[SANTIAGO] Chilean seismologists studying the massive earthquake that hit the country last week (27 February) have decided to share their data with scientists around the world to aid natural disaster mitigation.
Teams of geologists, seismologists, engineers and other specialists from Canada, Europe, Japan and the United States will arrive in Chile in the next few days to collect and analyse valuable data from the fifth biggest earthquake ever recorded.
The 8.8 magnitude earthquake — which was followed by a tsunami — occurred along a 500-kilometre fault line where the oceanic Nazca tectonic plate is slipping beneath the continental South America plate. This is where 80 per cent of Chile's 16 million people live. Five days on, the death toll is estimated to be almost 800.
"What we can learn from [the earthquake] will be useful not only for Chile, but for the whole world," Jaime Campos, a seismologist at the University of Chile, told SciDev.Net. "We have decided to share with the whole scientific community the data that we are gathering."
He added that the earthquake was expected — even though its magnitude was surprising — and instruments had been monitoring the area.
Campos warned in a 2008 paper that a "worst case scenario" earthquake of magnitude 8–8.5 was a possibility for the area close to the epicentre of last week's earthquake as strain had been accumulating on the fault since the last large earthquake in 1835.
Regarding the risk of other groups publishing the country's own data before they do, he said: "Good research will win — we want to send a signal, showing the scientific community that nowadays research on natural disasters requires [an open] attitude".
The teams will work together to install cutting edge instruments — such as those that measure the speed at which the ground is moving and deforming — in the affected zone.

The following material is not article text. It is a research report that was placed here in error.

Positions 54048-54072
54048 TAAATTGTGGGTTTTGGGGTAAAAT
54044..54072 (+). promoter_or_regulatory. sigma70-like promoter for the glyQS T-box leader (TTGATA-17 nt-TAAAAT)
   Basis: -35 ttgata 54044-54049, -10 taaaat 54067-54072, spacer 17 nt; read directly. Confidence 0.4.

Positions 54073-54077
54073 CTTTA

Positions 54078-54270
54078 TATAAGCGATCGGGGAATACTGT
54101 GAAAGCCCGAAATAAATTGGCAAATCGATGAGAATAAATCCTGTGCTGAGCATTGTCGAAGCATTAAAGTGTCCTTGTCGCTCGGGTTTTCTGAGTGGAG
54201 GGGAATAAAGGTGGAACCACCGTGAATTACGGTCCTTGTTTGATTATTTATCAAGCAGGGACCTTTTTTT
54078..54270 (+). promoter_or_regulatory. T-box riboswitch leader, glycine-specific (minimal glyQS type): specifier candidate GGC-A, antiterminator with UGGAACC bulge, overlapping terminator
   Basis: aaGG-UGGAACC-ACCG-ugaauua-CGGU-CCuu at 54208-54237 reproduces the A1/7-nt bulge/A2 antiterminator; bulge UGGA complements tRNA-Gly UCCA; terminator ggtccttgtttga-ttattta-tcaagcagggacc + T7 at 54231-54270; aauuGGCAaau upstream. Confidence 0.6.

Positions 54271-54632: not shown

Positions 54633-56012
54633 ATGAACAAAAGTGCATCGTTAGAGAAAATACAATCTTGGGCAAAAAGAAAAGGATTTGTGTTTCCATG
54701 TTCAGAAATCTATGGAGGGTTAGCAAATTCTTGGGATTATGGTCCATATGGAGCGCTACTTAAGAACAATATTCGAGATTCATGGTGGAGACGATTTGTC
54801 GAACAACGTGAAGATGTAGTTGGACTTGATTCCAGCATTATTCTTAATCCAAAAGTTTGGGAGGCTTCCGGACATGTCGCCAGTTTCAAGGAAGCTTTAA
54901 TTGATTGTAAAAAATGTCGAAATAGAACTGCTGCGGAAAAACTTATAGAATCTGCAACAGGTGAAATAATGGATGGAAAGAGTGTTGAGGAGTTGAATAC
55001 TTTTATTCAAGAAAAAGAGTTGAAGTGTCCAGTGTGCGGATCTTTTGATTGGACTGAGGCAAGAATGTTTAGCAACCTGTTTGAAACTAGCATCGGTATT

"This information will enable the design of contingency plans and disaster mitigation around the world," said Campos.
Engineers will examine how most of the buildings in the affected areas remained upright, said Rodolfo Saragoni, an engineering expert in the department of civil engineering at the University of Chile.
"Experts from abroad are interested in studying buildings where we had instruments, such as accelerographs, to measure the power of the earthquake. This is the first time that we could record motion not only at ground level, but also underground and on the top of buildings complying with building regulations."
He added: "This data will be useful to compare countries' norms, improve earthquake codes and recommendations, and minimise damage in the future, both in the infrastructure of buildings and the goods inside them".
The earthquake has highlighted the country's lack of seismologists and seismological capacity, said Campos. He said that building an effective academic programme in this area will take a "decade or two" and require national support. But he remained optimistic. "We expect that within the following years this [programme] will become an attraction for young researchers from other countries to study here."